I think you can see based on the Executive Orders that came out today just what our ideals are.

Unfortunately, that is where the good vibes ended and the threats began. During the speech at the Inauguration Ceremony, the President laid out an ultimatum:

If you want to preserve or expand your relationship with the United States, you will only do business with us, not our enemies. Your choices are simple: either you are with us or with our enemy; you cannot be both. You must end relations with our enemies, or you will also be considered our de facto enemy, and we will cut you off in every possible way.

This ruffian talk was seen as a thinly veiled threat to Germany. German and U.S. relations were already showing signs of strain prior to 2022 due to the former’s close relationship with Russia to meet their people’s energy needs. Even after Russia invaded Ukraine, Germany stayed a major hinderance to completely cutting off Russian oil and natural gas supplies. After the war, Germany was quick to forgive Russia and even went so far as to certify and activate the Nord Stream 2 pipeline from the motherland, enraging then-President Joe Biden. Strangely, prior to the Russian invasion, Biden had waived all sanctions related to the pipeline that had been put in place by his predecessor Donald Trump.

Still, Germany in the past has shown that it is willing to bend its policies and behavior, even with close economic partners. In the late 2010s and early 2020s, Germany was one of Iran’s top trading partners, despite the latter having heaps of western sanctions against them. In 2019, Major-General Hossein Salami of the Iranian Islamic Revolutionary Guard Corps (IRGC), spoke at a widely publicized event in which he called for the destruction of Israel and even bragged about Iran’s capabilities to do so. When asked specifically at the time by The Jerusalem Post whether Salami’s words were antisemitic, the German government said they were merely “anti-Israel rhetoric” and brushed off all sincere concerns.

Yet, less than a year later, and under intense pressure from Israel and the United States, Germany relented and admitted the words and ideas espoused by Salami and the rest of Iran were actually antisemitic, causing a schism between the close partners. German Foreign Minister Heiko Maas then told The Jerusalem Post:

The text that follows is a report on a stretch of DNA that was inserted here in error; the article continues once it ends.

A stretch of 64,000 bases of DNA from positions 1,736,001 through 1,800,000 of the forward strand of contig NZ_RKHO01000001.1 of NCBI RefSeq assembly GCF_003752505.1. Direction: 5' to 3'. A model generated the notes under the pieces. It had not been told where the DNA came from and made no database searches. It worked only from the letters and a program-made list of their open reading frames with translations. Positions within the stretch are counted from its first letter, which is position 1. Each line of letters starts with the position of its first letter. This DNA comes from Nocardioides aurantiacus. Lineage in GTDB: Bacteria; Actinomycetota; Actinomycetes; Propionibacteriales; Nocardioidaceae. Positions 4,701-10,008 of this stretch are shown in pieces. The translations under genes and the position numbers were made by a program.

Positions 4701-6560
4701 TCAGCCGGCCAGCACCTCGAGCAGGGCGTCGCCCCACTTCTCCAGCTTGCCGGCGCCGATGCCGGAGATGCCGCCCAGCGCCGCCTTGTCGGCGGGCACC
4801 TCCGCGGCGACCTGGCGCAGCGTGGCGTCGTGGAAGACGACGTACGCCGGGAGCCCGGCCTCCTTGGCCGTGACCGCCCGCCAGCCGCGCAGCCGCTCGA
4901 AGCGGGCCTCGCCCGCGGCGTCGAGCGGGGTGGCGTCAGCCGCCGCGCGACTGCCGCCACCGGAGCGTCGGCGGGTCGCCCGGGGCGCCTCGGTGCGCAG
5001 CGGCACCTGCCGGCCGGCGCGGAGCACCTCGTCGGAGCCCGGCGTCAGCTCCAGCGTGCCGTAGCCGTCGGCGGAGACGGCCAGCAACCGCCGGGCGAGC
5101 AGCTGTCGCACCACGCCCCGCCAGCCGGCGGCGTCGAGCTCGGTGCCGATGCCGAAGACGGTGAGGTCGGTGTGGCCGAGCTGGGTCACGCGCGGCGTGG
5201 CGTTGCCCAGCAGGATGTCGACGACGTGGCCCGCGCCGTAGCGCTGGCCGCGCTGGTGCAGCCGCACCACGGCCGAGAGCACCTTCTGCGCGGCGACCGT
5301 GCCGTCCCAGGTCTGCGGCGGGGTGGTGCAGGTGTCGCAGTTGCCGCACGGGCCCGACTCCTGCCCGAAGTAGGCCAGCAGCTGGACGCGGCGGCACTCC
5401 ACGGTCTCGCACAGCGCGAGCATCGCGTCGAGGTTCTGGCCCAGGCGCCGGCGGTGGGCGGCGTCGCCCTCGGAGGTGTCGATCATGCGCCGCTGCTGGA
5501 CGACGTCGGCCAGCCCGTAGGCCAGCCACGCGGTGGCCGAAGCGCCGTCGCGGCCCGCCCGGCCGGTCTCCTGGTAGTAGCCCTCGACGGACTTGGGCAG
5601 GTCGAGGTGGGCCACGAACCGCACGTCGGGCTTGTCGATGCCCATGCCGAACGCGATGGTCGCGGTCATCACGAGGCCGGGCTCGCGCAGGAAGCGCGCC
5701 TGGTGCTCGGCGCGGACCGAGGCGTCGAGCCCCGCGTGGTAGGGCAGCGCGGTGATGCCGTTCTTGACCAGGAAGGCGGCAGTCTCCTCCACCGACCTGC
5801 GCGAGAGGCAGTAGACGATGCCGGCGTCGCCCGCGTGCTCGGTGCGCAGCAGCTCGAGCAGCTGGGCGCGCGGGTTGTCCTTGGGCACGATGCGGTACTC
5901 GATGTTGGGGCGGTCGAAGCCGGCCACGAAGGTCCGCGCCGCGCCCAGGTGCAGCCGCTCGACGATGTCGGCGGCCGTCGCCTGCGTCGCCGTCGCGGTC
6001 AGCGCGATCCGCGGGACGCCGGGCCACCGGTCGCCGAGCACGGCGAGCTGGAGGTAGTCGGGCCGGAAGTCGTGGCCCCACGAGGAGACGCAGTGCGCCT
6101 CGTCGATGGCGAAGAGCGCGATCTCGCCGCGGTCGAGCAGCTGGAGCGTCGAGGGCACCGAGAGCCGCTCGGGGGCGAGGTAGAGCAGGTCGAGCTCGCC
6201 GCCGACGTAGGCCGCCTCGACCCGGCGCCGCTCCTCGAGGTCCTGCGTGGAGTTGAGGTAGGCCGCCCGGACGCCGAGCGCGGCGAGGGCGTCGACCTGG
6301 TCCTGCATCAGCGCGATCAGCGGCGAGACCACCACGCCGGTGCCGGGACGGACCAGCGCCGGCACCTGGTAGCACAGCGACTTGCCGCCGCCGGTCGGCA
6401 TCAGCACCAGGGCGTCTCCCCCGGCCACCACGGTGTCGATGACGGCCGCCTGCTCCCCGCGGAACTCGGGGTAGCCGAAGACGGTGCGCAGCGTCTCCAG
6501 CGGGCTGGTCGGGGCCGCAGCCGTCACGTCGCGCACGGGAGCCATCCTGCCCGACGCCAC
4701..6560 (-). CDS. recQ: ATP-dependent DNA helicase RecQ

Such statements are absolutely unacceptable. We strongly condemn calling for the annihilation of Israel, legitimizing terrorism, and spreading antisemitic content.

While this position reversal was easier for Germany since they were a continent away and had many other options to replace Iranian goods and services, that has not been the case for others in the area. Azerbaijan has a close relationship with Israel, one that is supported by the United States. But the country is next-door-neighbors with Iran and must not only live with them, but work with them in many ways in order to avoid war. While tensions have been steadily ratcheting up since 2016, Azerbaijan is careful not to push things too far. Although there have been tit-for-tat military drills on each other’s borders and other recriminations in international forums and the media, the two do have a well-established level of cooperation that cannot be dismissed. It is unclear how a country like Azerbaijan can heed the President’s unfair demands without endangering their own citizens and infrastructure.

These valid concerns did not seem to penetrate the inexperienced President’s sensibilities. While the President said this ratings system and the requirements that went along with them were not designed to punish people—that the United States did not have a problem with the citizens of these nations, just their governments—it is impossible to see a situation in which the people would not suffer. Summing it all up, the President told the world:

We don’t care about whatever it is you provide cheaply to the United States; we’ll figure something out, even if it is more expensive or not as good. The bottom line is that doing things the right way is better than placating despots.

Yet, ironically, the President seemed to disregard who may actually be the biggest despot of all.

The above piece is an excerpt from the speculative fiction novel 254 Days to Impeachment: The Future History of the First Independent President by J.P. Prag, available at booksellers worldwide.

Will the first independent President since George Washington be removed from office simply for refusing to be a part of the bureaucracy?

Learn more about author J.P. Prag at

254 Days to Impeachment is a work of mixed fiction and nonfiction elements. With the fiction elements, any names, characters, places, events, and incidents that bear any resemblance to reality is purely coincidental. For the nonfiction elements, no names have been changed, no characters invented, no events fabricated except for hypothetical situations.

white housetradesatirepresidentpoliticspoliticiansnew world orderlegislationhumanityhow tohistoryfact or fictiondefensecontroversiesbook reviewsactivism

About the Creator

J.P. Prag

J.P. Prag is the author of "Compendium of Humanity's End", "254 Days to Impeachment", "Always Divided, Never United", "New & Improved: The United States of America", and "In Defense Of...", and more! Learn more at